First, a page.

• We share cooking and cleaning responsibilities.  I’m not saying this just for him to get some good press.  I write about planning meals and grocery shopping and so on because I’m better organized than he is.  More often than not, he is the one who actually does the shopping, or who finishes cooking the Frozen Overs.  In this case, I say, “Thank you for cooking dinner” and he says, “Thank you for cooking dinner.”

He’s also a talented artist and an avid reader of everything, including cereal boxes.  You can check out his literature and reading blog, Dispatches from Outer Libraria, on WordPress.

Aside

I’m here to talk to you about cheeses

31 May

While I’m not vegetarian, I do plan meatless meals, and these are some of our favorites. I caught this blog post by fellow blogger loveonice that mentions Parmesan cheese. I want to address this issue because it’s really important.

I have a number of vegetarians in my life, some by choice, some for religion, and their reasons don’t matter to me. What matters to me is that when they are in my home, they are comfortable and when I go to their home, I don’t take anything into their personal space that might be offensive to them. To me, their personal space includes their cubicle at work. I was shocked once to see a colleague munching down a beef burrito in the cubicle of my Hindu vegetarian colleague. Manners, people!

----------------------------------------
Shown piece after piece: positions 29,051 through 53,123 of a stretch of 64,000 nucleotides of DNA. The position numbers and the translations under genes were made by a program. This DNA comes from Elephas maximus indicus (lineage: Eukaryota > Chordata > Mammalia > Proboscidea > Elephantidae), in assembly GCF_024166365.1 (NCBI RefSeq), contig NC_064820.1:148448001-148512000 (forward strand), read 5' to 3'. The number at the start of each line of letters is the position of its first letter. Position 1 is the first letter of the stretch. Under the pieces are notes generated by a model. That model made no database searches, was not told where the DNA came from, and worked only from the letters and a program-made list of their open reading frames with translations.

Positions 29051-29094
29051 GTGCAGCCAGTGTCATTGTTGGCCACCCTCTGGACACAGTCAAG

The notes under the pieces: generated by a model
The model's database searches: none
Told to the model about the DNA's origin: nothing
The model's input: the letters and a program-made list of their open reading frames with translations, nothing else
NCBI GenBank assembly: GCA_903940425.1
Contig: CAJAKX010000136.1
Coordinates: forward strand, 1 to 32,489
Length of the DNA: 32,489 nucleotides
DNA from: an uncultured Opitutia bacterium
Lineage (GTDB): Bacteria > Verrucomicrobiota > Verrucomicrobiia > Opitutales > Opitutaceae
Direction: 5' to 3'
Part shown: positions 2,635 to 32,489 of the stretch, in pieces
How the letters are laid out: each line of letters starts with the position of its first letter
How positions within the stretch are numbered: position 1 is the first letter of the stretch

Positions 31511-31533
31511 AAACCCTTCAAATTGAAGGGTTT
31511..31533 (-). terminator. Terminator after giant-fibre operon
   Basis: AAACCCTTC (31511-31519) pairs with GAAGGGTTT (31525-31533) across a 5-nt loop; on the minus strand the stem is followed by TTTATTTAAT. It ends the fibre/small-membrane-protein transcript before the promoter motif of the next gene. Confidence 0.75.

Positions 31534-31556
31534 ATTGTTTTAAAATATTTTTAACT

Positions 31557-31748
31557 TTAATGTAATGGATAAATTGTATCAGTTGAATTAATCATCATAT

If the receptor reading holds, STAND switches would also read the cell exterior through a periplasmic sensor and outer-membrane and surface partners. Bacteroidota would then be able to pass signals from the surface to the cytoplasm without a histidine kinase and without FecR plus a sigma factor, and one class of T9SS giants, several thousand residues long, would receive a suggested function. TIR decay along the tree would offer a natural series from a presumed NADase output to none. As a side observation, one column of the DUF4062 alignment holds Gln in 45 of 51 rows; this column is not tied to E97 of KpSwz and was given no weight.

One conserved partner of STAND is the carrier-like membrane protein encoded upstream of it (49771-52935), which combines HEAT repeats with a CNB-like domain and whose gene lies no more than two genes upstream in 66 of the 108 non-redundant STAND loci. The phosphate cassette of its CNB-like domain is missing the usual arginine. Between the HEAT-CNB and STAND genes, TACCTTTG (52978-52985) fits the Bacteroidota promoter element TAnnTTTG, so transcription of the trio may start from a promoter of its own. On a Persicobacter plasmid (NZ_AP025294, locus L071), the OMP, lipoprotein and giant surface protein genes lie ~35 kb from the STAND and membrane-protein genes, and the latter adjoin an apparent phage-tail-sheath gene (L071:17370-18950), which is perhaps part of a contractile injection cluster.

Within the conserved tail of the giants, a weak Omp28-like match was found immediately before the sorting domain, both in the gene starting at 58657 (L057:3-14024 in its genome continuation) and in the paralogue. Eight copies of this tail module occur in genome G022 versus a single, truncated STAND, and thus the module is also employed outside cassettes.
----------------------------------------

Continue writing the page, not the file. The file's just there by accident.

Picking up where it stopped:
So here’s the deal. Some cheeses are made with rennet. Rennet is a product made from calf stomach that helps to curdle milk in cheese-making. Not every cheese is made this way. Parmigiano Reggiano is, and so are many others. What to do? Check the label if you’re making something for someone who is a vegetarian and don’t call anything you make vegetarian if you aren’t sure.

It should go without saying that you should never, ever use chicken or beef broth in a soup you are serving to a vegetarian. Here is a simple rule I use. If there is no meat going into the soup or sauce, then I use vegetable stock. It makes it very easy when I have a crowd over to say: if you can’t SEE meat in it, then there isn’t any. I will apply the same rule to recipes with cheese. If the dish is meatless, so will be the cheese I used.